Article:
you are leaving

It is important to note that by clicking on this link you will be leaving this website and any information viewed there is not the property of Destra Capital Investments LLC.

A Review of 2022 Dodd-Frank Bank Stress Tests

Flaherty & Crumrine, Incorporated

August 31, 2022

On June 23, the Federal Reserve released its 2022 large-bank Dodd-Frank Act stress test results. They were mostly as expected, and all 33 banks “passed” the 2022 stress test amid the prevailing global economic uncertainty. Under the 2022 “severely adverse scenario”—which factored in unemployment peaking at 10% in 3Q23, real GDP down 6.2%, equities down.

55%, house prices down 28.5% and commercial real estate down 40%—the average minimum common equity Tier 1 (CET1) capital ratio for this year’s 33 bank participants was 9.7% versus 10.6% in the June 2021 test (only 23 banks took the test last year).

The results of this year’s stress test demonstrate that large U.S. banks remain “well-capitalized,” reporting high capital levels, and no bank breached minimum capital requirements during the two-year stress period. Under all scenarios, the 33 large banks maintained capital buffers that were significantly above the Fed’s required minimum, after capital actions. Large U.S. banks are well prepared for a recession, should one arrive, over the next several years.

The Fed also conducted its 2022 Comprehensive Capital Analysis and Review (CCAR) to evaluate bank capital plans in light of the stress tests. Our main CCAR takeaway is that banks continue to exercise discipline regarding common shareholder returns. For example, JPMorgan and Citigroup did not increase their quarterly dividends. At the same time, banks maintain flexibility to increase dividends and share repurchases if earnings accelerate during 2H22 as projected.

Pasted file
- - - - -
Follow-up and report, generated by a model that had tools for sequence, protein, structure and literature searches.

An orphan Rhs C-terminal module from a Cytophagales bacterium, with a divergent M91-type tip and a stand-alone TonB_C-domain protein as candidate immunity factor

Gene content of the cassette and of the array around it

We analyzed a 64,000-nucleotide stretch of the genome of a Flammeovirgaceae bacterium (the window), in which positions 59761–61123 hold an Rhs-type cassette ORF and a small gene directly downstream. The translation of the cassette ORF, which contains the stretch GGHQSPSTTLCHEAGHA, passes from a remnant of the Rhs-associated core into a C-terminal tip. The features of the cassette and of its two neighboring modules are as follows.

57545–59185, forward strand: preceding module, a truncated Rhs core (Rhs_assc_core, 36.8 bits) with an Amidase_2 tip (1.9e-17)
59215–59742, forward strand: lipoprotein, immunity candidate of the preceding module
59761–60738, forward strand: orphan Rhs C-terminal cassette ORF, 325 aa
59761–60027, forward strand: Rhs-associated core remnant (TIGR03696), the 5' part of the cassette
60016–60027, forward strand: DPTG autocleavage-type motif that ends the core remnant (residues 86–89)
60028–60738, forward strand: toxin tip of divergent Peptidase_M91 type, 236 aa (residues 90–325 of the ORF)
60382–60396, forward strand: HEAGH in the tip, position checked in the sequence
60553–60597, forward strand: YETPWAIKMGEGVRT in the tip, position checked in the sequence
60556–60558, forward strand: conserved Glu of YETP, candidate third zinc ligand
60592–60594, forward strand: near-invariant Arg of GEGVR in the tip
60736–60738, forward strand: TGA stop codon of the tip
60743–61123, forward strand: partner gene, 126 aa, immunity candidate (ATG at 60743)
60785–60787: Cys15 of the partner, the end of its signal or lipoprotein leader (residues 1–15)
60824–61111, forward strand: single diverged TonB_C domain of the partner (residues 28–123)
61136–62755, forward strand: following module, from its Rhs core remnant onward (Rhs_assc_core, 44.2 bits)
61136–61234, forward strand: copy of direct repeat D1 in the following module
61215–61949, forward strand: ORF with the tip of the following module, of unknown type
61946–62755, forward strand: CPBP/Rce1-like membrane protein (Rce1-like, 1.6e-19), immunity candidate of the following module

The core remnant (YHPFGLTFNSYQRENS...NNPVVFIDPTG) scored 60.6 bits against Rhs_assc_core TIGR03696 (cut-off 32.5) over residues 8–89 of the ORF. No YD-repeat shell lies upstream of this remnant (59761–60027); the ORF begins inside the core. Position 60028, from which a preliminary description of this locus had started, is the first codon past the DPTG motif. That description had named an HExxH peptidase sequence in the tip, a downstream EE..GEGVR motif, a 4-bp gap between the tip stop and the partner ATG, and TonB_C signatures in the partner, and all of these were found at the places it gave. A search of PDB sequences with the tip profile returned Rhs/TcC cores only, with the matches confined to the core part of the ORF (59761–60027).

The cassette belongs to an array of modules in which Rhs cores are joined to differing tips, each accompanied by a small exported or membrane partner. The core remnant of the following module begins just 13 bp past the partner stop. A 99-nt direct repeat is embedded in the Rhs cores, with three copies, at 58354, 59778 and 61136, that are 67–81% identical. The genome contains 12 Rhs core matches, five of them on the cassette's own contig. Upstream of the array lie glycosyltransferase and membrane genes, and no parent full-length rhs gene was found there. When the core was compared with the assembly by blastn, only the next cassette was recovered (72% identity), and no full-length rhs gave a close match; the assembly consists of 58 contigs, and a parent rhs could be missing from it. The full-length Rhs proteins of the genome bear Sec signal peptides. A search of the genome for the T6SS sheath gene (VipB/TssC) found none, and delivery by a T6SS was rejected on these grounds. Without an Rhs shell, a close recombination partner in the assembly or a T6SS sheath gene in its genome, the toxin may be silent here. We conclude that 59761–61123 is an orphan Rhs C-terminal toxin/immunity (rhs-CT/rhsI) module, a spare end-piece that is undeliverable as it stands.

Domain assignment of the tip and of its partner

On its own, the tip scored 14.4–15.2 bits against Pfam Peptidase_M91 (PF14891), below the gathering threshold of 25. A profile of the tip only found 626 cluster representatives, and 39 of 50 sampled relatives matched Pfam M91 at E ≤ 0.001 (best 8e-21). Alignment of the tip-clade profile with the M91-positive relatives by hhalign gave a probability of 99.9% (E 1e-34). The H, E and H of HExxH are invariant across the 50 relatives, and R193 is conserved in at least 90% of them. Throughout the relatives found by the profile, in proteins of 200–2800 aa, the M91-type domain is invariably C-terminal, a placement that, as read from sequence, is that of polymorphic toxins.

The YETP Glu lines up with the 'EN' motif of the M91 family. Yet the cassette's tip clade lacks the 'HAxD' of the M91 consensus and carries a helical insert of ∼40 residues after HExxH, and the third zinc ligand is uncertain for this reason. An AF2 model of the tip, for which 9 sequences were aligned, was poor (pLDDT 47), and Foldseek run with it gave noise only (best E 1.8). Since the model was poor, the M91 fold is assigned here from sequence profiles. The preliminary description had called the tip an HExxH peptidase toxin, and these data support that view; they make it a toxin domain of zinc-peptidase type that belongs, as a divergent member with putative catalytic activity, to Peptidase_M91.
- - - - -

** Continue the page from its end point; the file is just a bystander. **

Most money center banks will be subject to larger stress capital buffer (SCB) requirements effective October 1, 2022, adding to those banks’ CET1. In particular, Bank of America and Citigroup saw their SCB requirement increase 100 bps from last year’s exam, which will temper both dividend increases and share buybacks. Heading into 2023, we expect these banks to accrete capital and build cushions in their CET1 ratios. Meanwhile, regional banks have more flexibility to raise quarterly dividends and maintain, or even increase, share buyback programs following this year’s stress test, given an expected recovery in C&I (specifically, revolver utilization rates) and commercial R/E lending, as well as sizeable loan loss reserves already in place. Given the increased risk resulting from monetary policy tightening, we expect all banks to maintain conservative capital and loan-loss positions over coming quarters, which should continue to support preferred investors.

Destra Capital Investments is providing this update with permission from Flaherty & Crumrine, Incorporated. No offer or solicitation to buy or sell securities is being made by Destra Capital Investments.